These artists have vastly different styles and were not part of a formal group. And to my knowledge, not one ever met one of the other nine. But they do have much in common. They share an independent spirit, unrestrained by the rules of art training. Also, they are inventive, having a free flow of creativity. Essentially, they create for their own enjoyment and fulfillment, with little or no regard for the rest of the art world. I doubt that any of them would have stopped creating had no one bought another painting or drawing from them. They all enjoyed the public admiration but it didn’t affect their art.
None of these artists evidenced any mimicry, the practice of adopting techniques or styles of other artists, common among so many famous and not-so-famous artists. These artists worked in their own style, which was recognizable throughout their career. Their work was the same at the end of their career as it was at the beginning. Their style may have evolved over time but there was no doubt about who created the art. These artists were content with what they produced and never felt the need to look further, unlike so many trained artists who move from style to style searching for just the right one.
Some of my ‘artist-friends’ admired the work of other artists but didn’t attempt to mimic what they admired. Coincidentally, four of the artists specifically cited Alfred Wallis (included in this book) as one of their favorites. The irony is that Wallis, who called himself a ‘primitive’, didn’t care for anyone else’s art.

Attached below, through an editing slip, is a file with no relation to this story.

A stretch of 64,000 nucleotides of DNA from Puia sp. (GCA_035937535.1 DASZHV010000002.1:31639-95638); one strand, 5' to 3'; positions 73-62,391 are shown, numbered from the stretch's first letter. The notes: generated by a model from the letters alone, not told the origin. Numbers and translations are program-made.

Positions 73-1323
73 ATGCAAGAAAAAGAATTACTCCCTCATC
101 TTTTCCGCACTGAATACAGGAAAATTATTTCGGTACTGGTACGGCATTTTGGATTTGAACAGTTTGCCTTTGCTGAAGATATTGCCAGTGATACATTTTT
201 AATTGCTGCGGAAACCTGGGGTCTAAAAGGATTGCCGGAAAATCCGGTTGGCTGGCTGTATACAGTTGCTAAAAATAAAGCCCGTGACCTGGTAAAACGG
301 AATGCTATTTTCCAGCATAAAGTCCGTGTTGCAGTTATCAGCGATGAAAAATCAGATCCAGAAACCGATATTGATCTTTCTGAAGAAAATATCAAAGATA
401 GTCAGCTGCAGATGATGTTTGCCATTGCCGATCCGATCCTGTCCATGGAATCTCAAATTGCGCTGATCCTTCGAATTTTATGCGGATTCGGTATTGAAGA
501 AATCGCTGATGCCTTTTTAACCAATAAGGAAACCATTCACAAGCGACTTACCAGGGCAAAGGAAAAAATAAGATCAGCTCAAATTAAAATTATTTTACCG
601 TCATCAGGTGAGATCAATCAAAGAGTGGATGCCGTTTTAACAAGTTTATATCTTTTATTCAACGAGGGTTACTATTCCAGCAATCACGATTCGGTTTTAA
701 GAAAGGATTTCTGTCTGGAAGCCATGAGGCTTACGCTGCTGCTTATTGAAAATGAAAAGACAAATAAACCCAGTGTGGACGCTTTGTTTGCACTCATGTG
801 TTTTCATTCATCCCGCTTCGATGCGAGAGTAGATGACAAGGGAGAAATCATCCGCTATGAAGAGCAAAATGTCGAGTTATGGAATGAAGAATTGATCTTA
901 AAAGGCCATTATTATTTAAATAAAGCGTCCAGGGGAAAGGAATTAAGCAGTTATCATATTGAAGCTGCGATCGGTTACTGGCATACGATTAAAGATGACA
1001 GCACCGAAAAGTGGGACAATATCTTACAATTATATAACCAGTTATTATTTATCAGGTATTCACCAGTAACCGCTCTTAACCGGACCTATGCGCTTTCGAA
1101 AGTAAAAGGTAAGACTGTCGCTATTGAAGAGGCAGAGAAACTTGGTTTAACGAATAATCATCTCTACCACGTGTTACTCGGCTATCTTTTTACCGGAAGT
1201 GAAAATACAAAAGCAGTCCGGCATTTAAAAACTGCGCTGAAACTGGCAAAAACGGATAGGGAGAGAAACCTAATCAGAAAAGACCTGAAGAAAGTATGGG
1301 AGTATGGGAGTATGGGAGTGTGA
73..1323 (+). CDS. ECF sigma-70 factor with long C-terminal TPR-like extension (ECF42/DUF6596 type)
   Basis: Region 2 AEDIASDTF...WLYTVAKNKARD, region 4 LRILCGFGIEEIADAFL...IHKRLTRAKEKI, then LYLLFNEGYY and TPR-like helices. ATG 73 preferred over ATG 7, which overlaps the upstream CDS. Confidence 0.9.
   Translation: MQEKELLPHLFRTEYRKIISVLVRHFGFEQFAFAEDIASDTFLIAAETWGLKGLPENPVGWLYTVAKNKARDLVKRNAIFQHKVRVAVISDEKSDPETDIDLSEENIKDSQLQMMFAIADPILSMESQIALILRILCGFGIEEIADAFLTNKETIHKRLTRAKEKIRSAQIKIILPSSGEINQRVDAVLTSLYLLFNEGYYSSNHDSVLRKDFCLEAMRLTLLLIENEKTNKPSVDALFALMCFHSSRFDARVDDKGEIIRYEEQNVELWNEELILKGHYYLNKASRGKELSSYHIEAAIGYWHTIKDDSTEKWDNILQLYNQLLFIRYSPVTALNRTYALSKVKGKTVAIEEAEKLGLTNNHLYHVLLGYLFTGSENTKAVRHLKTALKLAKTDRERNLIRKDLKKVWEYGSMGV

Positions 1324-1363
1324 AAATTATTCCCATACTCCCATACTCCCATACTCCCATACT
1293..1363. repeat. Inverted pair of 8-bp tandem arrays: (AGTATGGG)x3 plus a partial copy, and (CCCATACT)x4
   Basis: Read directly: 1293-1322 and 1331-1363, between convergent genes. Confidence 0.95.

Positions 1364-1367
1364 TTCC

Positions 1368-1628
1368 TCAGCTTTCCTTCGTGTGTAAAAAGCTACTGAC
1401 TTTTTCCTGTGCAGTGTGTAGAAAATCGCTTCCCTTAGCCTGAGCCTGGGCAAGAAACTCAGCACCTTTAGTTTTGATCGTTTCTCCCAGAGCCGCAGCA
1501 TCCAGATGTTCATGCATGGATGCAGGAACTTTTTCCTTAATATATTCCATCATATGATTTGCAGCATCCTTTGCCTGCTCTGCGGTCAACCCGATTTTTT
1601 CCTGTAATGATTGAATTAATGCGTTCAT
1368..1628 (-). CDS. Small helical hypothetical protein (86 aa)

These ten artists are generally designated self-taught or having very little academic training. Some of the more frequently used terms within self-taught are: primitive, naïve, spiritualist, visionary, folk, art brut and outsider. The artists didn’t care what terms were used to describe their art – they were happy just creating. However, many in the art world – historians, curators, critics, collectors, gallery owners and anyone else wishing to express an opinion – do care but they can’t agree on any common terminology. Others, principally a few art critics, are at a loss to describe the art or fail to acknowledge it.
I have used the self-taught and outsider terms in describing my art collection, which I readily admit has never been done with a great deal of confidence. The term self-taught has been used to describe many famous artists, including such notables as Vincent Van Gogh and Paul Gauguin, both of whom began their careers rather late. The difference between those two and the self-taught artists in this book is that Van Gogh and Gauguin wanted to learn from each other, and from other artists as well, whereas my ‘artist friends’ did not – they were perfectly content with their own intuitive style. A lack of desire to learn from other artists is a critical distinguishing characteristic of the artists in this book.
Outsider is another unique term, originally coined by art historian Roger Cardinal as an English derivative of the French term art brut (raw art), the term artist Jean Dubuffet used to describe the art of patients in mental hospitals, which he later expanded to include artists not hospitalized, and which the art community has now misused to include all manner of things. So you can see the confusion over the use of either outsider or self-taught.
Perhaps an apt description of the art in this book is ‘Art created by remarkably talented 20th century artists who had little or no academic training and who were content with their own intuitive style throughout their career.’ vi
So, dear reader, I leave it to you to decide whether you would like to assign my artist-friends to a category or just enjoy their art – as I do.
i. Belinda Thomas, “Impressionism (art), “Microsoft®Encarta®Online Encyclopedia 2008
ii. Ian Chilvers. The Oxford Dictionary of Art (Third Edition, Oxford University Press 2004)
iii. Ian Chilvers
iv. A term first used by Holger Cahill and Alfred Barr in Art in America (New York, 1934)
v. Donald Goddard, American Painting (Hugh Lauter Levin Associates, Inc., 1990), 158.
vi. The author’s definition.